Do you separate the art from the artist?
October 20, 2019
"Can you remove the man from his art?" the students asked me. I told them that I am still a fan of Kevin Spacey's acting, and that the last season of House of Cards had been a disaster without him. A few murmured assent. Someone asked: "But do you still listen to R. Kelly?" Fortunately, I don't, I never have. "I still listen to Michael Jackson even though I hate the guy," said another student.
But this discussion was about Plácido Domingo. I had just presented on Verdi's Macbeth to an attentive and brilliant group of students at Baruch College. Their professor had tickets for them to see the performance at the Metropolitan Opera in a few days. "Isn't it like life imitating art, kind of, that this Domingo story is going down when he's supposed to play Macbeth, which is all about getting and using power in the wrong way?" a student remarked. A few had seriously considered boycotting the performance. Until Domingo withdrew. Still, many said they would have gone, even if he hadn't withdrawn. "To get the chance to see a legend onstage."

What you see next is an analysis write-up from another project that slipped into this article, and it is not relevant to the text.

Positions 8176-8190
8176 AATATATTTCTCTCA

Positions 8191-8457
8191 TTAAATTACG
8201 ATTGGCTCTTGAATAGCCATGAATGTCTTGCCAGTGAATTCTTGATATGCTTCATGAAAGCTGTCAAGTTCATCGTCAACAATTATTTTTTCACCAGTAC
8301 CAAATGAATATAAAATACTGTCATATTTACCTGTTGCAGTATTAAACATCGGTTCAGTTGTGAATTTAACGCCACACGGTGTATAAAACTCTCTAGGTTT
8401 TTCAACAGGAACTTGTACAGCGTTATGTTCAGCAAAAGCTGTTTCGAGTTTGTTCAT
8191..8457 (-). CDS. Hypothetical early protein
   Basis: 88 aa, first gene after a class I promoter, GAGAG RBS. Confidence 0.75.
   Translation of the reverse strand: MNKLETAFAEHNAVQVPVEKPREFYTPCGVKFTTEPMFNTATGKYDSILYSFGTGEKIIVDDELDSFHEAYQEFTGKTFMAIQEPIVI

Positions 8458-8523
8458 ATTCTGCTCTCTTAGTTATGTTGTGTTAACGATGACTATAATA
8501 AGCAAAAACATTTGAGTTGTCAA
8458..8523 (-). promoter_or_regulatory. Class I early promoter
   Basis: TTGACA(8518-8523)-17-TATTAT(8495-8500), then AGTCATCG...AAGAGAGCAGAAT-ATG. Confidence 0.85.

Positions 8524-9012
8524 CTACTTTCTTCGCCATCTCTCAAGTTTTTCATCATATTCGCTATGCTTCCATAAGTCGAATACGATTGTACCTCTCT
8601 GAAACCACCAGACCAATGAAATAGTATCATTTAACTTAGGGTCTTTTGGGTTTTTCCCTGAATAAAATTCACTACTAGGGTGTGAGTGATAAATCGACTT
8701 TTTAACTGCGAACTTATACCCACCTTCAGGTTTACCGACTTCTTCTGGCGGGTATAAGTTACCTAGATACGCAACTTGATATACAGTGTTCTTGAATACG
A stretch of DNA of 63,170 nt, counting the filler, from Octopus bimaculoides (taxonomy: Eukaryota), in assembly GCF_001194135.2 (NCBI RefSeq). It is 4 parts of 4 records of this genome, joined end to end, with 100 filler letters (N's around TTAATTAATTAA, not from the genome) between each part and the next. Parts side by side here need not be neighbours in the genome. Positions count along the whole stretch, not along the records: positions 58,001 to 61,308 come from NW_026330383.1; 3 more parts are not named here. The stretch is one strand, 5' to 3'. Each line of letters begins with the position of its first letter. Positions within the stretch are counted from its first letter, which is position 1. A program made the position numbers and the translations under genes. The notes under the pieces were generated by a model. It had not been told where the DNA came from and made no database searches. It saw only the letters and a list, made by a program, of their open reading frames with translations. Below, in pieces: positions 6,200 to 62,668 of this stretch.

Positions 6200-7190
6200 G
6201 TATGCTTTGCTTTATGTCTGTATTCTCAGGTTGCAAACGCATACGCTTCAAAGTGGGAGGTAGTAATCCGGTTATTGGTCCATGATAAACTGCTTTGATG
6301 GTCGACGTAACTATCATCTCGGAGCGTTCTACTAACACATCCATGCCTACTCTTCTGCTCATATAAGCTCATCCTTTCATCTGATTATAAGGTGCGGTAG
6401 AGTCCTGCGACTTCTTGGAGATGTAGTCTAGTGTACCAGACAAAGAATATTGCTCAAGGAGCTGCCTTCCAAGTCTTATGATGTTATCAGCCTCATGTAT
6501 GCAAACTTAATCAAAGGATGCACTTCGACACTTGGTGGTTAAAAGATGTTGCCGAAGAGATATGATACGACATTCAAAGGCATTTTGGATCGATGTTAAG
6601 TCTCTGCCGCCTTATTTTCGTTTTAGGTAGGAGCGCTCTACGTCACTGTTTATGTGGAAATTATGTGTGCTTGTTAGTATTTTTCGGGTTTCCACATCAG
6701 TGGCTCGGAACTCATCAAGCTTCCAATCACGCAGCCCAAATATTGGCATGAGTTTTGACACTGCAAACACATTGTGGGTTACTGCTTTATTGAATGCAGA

"So, you would be able to separate the art from the human being then?" I asked. Several nods came back at me.
Suddenly, a young woman in the front row exclaimed: "But you can't! Not in this case. Didn't he use his art because the human being in him had the wrong ideas in his head? Those women singers he pressured were making the same art like him. He pretended to help their art, and then he tried to kill that art because the man in him didn't get what he wanted. How do you separate that? Can you?"
Silence reigned over the classroom.